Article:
Info-tech

Bahrain woos Indian fintech start-ups

K. R. Srivats New Delhi | Updated on January 09, 2018 Published on August 13, 2017

Simon Galpin, MD, Bahrain Economic Development Board

To introduce regulations for equity crowdfunding, peer-to-peer lending

Bahrain plans to set up a Fintech Centre next year to provide accelerators and co-working spaces for fintech companies, Simon Galpin, Managing Director, Bahrain Economic Development Board (EDB), has said.

This Fintech Centre, which is likely to be opened in February or March 2018, will also provide networking opportunities for both start-ups and big banks interested in the fintech area, Galpin told BusinessLine.

Galpin was in India this past week as part of efforts to attract Indian fintech start-ups and manufacturing companies in pharma and food processing industries to locate in Bahrain and take advantage of the liberal environment that is on offer, for them to scale up.

“We are not looking at early-stage companies. We are keen on companies that have already been successfully established in India and are looking to spread their wings,” he said.

Galpin said Bahrain offered better terms, than say Dubai, for Indian companies to look to set up base in the Gulf Cooperation Council (GCC) market.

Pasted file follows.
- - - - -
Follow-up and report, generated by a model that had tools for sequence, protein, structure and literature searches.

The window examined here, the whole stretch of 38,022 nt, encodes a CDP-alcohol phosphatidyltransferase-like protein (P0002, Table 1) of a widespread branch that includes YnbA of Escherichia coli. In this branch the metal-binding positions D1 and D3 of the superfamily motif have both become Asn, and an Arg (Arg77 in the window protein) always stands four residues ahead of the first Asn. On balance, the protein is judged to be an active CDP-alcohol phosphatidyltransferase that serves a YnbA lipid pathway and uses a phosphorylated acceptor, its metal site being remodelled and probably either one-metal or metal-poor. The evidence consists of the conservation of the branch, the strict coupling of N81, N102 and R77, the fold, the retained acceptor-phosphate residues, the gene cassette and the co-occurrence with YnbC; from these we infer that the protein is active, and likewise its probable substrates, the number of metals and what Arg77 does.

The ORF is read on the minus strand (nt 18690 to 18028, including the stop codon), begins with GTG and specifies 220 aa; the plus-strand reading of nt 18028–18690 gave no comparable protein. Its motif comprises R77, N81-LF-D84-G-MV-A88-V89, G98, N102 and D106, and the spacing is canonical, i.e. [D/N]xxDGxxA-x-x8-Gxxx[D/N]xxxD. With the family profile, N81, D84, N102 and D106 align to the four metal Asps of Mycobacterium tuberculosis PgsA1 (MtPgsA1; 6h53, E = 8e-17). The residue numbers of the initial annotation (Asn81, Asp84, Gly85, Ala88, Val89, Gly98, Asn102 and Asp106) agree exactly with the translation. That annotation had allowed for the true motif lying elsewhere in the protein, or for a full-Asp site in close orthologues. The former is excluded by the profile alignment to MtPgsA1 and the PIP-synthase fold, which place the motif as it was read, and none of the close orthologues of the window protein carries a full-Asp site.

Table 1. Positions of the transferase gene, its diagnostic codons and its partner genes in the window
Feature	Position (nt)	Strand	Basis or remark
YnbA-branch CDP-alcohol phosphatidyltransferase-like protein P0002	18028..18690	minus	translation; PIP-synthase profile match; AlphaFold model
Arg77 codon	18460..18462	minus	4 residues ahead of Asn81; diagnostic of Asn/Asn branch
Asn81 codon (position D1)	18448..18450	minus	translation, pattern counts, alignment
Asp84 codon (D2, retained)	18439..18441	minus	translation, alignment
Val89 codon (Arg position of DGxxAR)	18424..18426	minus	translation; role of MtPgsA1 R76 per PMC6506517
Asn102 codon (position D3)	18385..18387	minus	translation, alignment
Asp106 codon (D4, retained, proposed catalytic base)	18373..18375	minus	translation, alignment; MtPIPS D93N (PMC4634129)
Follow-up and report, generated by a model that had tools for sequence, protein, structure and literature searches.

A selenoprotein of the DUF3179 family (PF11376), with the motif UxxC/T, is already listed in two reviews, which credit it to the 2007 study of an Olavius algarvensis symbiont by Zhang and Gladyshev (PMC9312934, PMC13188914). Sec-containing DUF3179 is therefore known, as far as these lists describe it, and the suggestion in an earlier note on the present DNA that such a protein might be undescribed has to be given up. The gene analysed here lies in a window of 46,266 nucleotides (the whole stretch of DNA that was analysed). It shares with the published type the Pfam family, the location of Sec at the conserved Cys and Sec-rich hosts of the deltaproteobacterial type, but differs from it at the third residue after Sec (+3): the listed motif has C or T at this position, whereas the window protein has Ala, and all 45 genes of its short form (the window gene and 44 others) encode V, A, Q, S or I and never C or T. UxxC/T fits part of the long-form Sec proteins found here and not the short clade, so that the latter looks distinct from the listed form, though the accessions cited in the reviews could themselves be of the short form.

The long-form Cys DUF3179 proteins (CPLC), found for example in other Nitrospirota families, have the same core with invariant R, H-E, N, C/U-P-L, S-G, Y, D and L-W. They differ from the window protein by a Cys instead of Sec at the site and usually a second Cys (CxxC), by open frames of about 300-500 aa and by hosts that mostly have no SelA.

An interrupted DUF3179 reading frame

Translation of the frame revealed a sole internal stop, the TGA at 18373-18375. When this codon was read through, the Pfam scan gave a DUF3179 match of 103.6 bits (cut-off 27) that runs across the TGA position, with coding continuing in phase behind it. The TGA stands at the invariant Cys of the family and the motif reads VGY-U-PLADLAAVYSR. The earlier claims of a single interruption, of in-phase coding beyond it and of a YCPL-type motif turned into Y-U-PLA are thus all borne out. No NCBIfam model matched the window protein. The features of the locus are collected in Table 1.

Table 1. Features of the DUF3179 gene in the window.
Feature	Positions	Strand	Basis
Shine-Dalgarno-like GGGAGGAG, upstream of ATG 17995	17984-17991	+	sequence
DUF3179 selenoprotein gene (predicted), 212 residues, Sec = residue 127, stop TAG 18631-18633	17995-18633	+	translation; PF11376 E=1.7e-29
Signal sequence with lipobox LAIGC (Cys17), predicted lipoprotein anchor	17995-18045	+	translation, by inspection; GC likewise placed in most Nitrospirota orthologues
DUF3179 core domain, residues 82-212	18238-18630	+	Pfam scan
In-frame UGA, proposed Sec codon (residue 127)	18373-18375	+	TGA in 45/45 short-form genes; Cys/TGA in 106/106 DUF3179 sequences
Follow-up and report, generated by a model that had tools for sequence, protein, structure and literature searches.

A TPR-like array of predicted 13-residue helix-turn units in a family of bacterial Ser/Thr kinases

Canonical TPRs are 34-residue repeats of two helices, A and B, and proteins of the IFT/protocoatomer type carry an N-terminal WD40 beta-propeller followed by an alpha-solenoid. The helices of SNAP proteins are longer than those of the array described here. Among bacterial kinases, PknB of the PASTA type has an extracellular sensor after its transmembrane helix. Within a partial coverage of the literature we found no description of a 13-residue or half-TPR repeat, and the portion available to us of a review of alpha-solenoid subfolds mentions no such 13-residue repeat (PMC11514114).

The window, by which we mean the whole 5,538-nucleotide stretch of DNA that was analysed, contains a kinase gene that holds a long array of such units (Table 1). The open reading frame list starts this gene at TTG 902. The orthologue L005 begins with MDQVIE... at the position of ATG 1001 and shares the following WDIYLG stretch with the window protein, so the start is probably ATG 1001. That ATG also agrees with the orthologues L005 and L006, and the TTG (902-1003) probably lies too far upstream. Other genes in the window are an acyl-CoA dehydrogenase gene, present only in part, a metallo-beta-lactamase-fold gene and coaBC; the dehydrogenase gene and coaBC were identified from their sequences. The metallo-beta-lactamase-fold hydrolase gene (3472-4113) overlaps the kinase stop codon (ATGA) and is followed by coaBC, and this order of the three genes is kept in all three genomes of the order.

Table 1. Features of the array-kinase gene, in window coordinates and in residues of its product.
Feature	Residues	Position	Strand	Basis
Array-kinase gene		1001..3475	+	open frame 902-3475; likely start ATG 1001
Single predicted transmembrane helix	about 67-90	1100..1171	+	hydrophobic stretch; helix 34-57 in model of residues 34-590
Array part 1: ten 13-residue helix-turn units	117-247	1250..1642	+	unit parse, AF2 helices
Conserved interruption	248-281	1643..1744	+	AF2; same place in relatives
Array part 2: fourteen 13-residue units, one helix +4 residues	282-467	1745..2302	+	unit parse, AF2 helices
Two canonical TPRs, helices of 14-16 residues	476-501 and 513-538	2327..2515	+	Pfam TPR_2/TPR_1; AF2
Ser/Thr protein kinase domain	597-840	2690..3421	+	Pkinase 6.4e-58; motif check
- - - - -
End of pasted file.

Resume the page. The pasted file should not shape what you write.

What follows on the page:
“We are 20-30 per cent less expensive than Dubai and you (as a company) are not restricted to be located only in a special zone. A company setting up base can cater to our domestic as well as international markets,” he said.

Galin also said Bahrain will, in the next few months, come up with regulations for equity crowdfunding and peer-to-peer lending and this would help fintech start-ups scale up.

“We want to start dialogues with as many as companies as possible. We certainly would like a number of companies to visit Bahrain and consider going into one of our accelerators or even set up base there.”

Sandbox

Bahrain had recently come out with a regulatory sandbox to allow start-ups and fintech firms to test and experiment their banking ideas and solutions.

The sandbox regulations allow start-ups not ready to apply for the traditional banking or financial services licences to operate under a sandbox environment. “Two companies have already applied to join the sandbox — one is a payments company and the other is for big data for financial institutions.”

Galpin also said the fintech space in India is very dynamic, particularly in the payment side. “There are some high-growth companies in the payment side that are doing tremendous work here and have developed great products that will be attractive for GCC markets too,” he said.

He highlighted that a sizeable percentage of expats in Bahrain are workers and do not have bank accounts with the banks in Bahrain. “Finding payment or fintech solutions that can enable people to secure their savings and make transfers in a cost-effective way will help everybody. We do see a lot of opportunities for payments and insurance technology companies that have shown interest in Bahrain.”

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Published on August 13, 2017
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